WILLIAM R. ARROWSMITH, M.D.; BARBARA BINKLEY, M.D.; CARL V. MOORE, M.D., F.A.C.P.
Comparatively few severe toxic reactions have resulted from the local use of sulfonamide drugs, presumably because relatively small amounts are placed in the tissues and because excretion is prompt.1 It has been demonstrated that with the dosages used in local application there is only temporary appearance of the drug in the blood.2, 3 The few severe reactions which have been described relate chiefly to the production of hepatic damage. Watson and Spink4 reported fatal hepatitis in two individuals who had received sulfanilamide by intra-peritoneal implantation, and Jackson and Coller3 observed nine instances of jaundice in a group of 62 patients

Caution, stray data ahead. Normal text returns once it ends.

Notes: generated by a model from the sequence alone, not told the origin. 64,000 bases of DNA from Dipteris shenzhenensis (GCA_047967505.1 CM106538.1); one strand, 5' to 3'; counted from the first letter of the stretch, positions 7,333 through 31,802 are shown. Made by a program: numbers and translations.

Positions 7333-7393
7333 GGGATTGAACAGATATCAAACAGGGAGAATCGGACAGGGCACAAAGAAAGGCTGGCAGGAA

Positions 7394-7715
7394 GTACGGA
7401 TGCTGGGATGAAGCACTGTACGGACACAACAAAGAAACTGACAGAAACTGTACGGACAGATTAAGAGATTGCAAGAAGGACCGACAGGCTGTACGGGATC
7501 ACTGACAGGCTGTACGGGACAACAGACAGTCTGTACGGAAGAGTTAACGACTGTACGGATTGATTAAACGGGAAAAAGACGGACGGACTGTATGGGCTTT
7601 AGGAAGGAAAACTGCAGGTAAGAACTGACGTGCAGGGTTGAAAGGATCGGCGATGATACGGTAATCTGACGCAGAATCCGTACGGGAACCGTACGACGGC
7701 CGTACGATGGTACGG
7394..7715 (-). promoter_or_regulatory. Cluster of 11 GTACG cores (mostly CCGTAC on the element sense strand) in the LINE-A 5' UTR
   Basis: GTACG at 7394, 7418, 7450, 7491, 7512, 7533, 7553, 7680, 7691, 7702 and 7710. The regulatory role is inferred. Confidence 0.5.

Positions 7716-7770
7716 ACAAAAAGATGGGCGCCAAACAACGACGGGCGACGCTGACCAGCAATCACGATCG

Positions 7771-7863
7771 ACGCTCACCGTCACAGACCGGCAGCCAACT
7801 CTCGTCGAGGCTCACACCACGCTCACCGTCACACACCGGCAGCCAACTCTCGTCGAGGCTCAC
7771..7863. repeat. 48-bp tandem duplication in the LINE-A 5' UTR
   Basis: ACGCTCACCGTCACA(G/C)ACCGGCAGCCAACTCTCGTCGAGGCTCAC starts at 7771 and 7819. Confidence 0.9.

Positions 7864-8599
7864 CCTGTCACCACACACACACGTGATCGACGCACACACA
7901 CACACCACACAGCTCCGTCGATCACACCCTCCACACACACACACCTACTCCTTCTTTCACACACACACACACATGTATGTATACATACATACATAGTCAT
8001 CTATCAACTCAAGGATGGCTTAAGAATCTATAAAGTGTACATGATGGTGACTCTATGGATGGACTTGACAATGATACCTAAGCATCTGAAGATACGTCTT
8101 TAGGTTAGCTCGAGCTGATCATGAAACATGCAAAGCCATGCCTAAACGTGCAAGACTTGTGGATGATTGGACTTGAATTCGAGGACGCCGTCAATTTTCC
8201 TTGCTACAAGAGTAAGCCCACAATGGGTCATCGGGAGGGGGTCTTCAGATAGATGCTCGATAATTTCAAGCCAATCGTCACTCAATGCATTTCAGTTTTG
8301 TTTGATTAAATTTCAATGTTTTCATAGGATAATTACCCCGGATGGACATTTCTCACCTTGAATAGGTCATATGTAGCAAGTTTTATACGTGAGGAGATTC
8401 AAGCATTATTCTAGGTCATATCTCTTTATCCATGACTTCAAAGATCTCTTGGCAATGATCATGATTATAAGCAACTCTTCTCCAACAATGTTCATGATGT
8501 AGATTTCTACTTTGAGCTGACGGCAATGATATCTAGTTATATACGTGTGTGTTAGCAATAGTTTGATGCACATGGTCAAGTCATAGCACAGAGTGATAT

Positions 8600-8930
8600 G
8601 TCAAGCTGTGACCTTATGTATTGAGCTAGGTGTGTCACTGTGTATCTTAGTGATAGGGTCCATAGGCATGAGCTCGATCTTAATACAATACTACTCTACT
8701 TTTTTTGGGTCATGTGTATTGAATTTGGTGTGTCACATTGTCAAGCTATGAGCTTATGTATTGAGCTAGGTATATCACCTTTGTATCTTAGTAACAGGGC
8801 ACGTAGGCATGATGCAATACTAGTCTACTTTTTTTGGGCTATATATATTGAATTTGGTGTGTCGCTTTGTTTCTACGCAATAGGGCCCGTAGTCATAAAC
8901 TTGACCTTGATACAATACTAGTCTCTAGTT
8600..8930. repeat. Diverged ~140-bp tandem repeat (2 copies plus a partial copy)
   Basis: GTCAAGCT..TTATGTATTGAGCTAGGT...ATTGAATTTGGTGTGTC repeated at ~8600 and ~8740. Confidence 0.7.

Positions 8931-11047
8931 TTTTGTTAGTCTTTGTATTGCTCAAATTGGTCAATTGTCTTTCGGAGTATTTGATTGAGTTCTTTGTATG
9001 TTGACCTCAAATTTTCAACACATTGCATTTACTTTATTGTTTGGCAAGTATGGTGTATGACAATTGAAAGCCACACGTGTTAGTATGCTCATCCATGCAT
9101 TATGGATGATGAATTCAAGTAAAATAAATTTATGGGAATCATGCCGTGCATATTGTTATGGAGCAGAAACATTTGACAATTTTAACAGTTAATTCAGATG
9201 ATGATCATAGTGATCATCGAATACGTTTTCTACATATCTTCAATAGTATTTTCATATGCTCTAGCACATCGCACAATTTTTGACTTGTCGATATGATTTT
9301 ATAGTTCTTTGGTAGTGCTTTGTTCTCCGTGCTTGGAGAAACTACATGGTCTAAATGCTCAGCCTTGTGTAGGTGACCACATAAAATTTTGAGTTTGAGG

ARROWSMITH WR, BINKLEY B, MOORE CV. FATAL AGRANULOCYTOSIS FOLLOWING THE INTRAPERITONEAL IMPLANTATION OF SULFANILAMIDE CRYSTALS(FATAL AGRANULOCYTOSIS FOLLOWING THE INTRAPERITONEAL IMPLANTATION OF SULFANILAMIDE CRYSTALS*). Ann Intern Med. 1944;21:323–329. doi: 10.7326/0003-4819-21-2-323
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Published: Ann Intern Med. 1944;21(2):323-329.
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